A Tale of Two Valleys

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By: Andrei Herasimchuk | August 12, 2009

One of the perks of living in Silicon Valley is the 90-minute drive to Napa Valley, during which you can find yourself in the rolling hills of Yountville, driving up the Silverado Trail on a cloudless sunny day.

The contrast is stark. In Silicon Valley, strip malls and suburban streets intermingle with high-tech corporate parks packed with non-descript glass buildings. Napa, meanwhile, is miles of picturesque vineyards and a calming quiet that can’t be broken by fast cars and small roads. I hadn’t been in nearly a year, and for a wine enthusiast like myself, it had been a brutal dry spell.

I brought along a group of designers from my studio to get their visual and sensory impressions: Monica Keefe, the lead designer at Involution; her husband, Brian, a techie-turned-foodie who now works as a chef; Geoffrey Brown and Rob Brackett, the young guns at the studio; and my wife, Donna Driscoll, a designer and researcher who bought me a wine cellar for my birthday a few years ago. (True love!)

As the organizer for the trip, I set the agenda for our wine-tasting excursion based not on wine points, but on four different types of aesthetic experiences. At the studio, we spend all of our time creating digital environments; I was curious if we could get some ideas about how to apply the Napa experience in our daily work.

With this in mind, I picked four wineries: Joseph Phelps, an upscale Napa Valley staple that still tries to appeal to the everyday wine drinker; Duckhorn, a grand, Victorian-style plantation that exudes wine snobbery; Judd’s Hill, a small, artistic, family-owned spot; and William Hill, one of the more overtly commercial wineries in Napa. And we would stop at Oakville Grocery, a mom-and-pop store with a Neiman Marcus aesthetic (and prices) to pack up on quality food for the day.

We drove first to Joseph Phelps, a grand, spa-like lodge that sits on a small hill overlooking its vineyard. Phelps is a classic Napa Valley conundrum: How to communicate its high-quality standards to the workaday wine drinker? Its best offering, Insignia, illustrates this problem. The bottle has an expensive embossed seal burned right into the glass, but the label, a mesh of dark violet patterns and gold and black type, attempts to appeal to the wine enthusiast but merely looks average.

The bottle also fails to communicate how much Phelps applies the techniques of biodynamic farming: The winery will pack the horns of a lactating cow with its manure, bury the horns for six months from fall to spring equinox, then remove the preparation from the mix, add a tiny amount to lukewarm water, stir for one hour, and “create a vortex where the energy of the preparation is transferred into the water.” Nevertheless, Geoff spoke for all of us when he said it was one of the best wines he’d ever had.

Duckhorn, on the other hand, has no qualms about broadening its appeal, and as such, the experience and aesthetic is more focused, even if the wine isn’t as good as the Phelps selection. The wine label and bottle design are simple, distinctive, and memorable: The clearly illustrated ducks not only call to mind classic 19th-century wood engravings, but also serve as a mnemonic device for the winery’s name. Even though we were taking a break from the computer, we couldn’t resist breaking out our iPhones to play “What the Font?” to figure out Duckhorn’s typeface—a bastardized version of Garamond with extremely poor kerning.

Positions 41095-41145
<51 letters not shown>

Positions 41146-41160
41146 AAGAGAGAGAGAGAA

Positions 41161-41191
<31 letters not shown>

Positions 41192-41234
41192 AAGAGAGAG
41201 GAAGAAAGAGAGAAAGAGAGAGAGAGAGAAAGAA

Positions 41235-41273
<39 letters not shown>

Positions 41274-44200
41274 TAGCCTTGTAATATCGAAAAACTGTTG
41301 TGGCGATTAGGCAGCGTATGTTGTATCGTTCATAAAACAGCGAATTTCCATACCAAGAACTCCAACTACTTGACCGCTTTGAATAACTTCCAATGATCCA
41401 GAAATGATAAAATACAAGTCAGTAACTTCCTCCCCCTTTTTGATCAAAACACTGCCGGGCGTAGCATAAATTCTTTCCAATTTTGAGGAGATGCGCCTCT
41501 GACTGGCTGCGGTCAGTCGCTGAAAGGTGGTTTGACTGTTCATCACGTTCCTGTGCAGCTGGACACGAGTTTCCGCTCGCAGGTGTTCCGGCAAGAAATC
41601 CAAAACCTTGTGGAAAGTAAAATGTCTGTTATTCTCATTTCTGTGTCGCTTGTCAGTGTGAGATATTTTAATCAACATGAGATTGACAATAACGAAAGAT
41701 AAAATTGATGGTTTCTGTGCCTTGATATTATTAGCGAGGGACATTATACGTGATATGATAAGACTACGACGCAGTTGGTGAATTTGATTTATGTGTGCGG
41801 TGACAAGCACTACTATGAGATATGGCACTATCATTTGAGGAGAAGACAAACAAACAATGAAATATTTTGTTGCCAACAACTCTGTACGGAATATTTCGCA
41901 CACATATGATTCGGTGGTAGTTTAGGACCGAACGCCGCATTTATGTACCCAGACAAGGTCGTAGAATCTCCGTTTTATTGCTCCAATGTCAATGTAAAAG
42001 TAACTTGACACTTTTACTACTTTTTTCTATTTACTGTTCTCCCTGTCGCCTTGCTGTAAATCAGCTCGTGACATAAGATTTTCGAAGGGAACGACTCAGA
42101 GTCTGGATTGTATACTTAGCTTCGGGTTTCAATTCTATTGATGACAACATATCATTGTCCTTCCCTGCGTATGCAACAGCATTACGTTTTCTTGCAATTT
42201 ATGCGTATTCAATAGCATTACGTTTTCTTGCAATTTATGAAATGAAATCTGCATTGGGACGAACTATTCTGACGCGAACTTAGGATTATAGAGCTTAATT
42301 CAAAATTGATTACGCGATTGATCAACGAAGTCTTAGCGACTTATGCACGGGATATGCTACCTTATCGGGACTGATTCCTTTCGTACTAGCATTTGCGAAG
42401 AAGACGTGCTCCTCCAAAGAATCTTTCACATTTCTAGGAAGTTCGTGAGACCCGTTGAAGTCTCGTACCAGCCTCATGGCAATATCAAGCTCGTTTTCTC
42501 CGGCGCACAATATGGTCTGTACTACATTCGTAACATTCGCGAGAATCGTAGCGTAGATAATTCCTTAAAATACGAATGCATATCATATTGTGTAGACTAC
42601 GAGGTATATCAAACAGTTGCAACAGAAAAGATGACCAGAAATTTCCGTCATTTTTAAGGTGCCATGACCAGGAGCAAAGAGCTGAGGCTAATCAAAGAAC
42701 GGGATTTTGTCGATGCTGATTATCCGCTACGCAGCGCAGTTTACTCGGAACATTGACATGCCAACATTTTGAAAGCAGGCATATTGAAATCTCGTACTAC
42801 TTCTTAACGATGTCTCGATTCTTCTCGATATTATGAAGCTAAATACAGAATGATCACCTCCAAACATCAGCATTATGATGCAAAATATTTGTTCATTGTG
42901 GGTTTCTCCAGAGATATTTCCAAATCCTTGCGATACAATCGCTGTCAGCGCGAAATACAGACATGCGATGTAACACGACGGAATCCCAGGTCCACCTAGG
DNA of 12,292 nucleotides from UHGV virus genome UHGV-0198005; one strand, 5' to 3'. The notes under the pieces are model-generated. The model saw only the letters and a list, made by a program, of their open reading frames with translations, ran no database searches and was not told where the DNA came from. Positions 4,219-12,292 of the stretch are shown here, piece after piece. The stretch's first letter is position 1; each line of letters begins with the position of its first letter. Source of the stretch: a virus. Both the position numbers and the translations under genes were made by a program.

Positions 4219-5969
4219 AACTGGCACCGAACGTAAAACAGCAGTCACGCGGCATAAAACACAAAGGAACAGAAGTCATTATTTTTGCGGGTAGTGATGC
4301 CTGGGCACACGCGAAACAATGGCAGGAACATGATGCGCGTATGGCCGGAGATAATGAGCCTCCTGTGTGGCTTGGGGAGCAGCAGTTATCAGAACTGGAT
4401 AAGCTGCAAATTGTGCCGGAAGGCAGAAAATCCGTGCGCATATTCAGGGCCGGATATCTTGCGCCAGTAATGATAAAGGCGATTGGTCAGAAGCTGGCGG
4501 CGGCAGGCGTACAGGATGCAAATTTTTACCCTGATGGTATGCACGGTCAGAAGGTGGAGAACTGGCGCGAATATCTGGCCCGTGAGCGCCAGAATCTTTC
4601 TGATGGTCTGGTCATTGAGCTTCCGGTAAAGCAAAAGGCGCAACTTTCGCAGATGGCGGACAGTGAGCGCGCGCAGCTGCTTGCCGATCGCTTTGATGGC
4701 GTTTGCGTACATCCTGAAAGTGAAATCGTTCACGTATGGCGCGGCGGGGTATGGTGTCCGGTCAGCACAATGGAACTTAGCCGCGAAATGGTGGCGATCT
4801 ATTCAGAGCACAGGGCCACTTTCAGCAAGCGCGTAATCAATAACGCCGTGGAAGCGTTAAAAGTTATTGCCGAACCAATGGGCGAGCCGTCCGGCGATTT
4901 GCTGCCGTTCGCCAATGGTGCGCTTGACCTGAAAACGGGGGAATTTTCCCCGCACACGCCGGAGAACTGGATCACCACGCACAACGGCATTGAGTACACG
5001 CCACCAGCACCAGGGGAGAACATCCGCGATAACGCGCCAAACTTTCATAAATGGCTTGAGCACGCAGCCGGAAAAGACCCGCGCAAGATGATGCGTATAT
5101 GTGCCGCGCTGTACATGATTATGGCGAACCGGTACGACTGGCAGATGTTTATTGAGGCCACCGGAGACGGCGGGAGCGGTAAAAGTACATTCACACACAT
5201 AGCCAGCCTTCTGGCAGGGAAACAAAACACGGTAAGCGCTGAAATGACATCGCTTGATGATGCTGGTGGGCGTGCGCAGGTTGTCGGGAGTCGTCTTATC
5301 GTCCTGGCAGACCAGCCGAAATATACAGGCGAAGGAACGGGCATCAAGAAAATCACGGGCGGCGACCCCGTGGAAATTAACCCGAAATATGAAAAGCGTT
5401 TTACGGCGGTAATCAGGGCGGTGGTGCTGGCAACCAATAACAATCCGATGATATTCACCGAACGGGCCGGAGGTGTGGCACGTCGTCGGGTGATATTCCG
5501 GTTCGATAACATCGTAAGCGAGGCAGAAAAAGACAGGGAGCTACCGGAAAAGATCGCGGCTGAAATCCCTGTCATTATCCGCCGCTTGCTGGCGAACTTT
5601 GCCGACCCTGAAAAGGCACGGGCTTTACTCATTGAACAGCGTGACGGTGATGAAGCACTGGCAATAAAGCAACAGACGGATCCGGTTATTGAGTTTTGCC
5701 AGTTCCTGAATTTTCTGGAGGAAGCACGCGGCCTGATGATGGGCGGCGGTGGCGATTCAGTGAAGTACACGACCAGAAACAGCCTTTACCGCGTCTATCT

We then headed south down Silverado Trail to the small, independent winery Judd’s Hill, which occupies an open field just north of Napa itself. A chicken coop with five clucking hens sits near the parking space. One of the best things about Judd’s Hill is that you can reserve a spot for “crush,” that time of year where people take their shoes off and smash grapes to a pulp with their own feet. Afterward, you can use what you crushed to make your own wine using Judd’s Hill facilities. Once you’ve made your own varietal masterpiece, the owners encourage you to design your very own label. Inside the winery, a large wall of empty wine bottles from years past is a tribute to the many who have expressed themselves this way.

The winery’s quirky, artistic approach to the wine experience extends to its own label: The stem for the J also forms the left side of the H, a beguiling minimalist rectangle that Mondrian could have loved if he had preferred earth tones over primary colors.

The last stop of the day was William Hill, where the bottle, label design, and tasting experience were wholly generic, reinforcing the idea that the wine is a reliable, safe choice for dinner or a night out on the town.

But most of us couldn’t get past the drab, warehouse-sized building that sits on the vineyard, a monument to William Hill’s commercial success.

Each winery had a different aesthetic, each had its own voice, and each made its own choices about what kind of winery it wanted to be. But the wine-tasting experience is about the total package: the atmosphere, the bottle design, the backstory, the taste. We ended the day at Bistro Jeanty, a wonderful slice of French countryside cooking, before heading back to the valley of high-tech.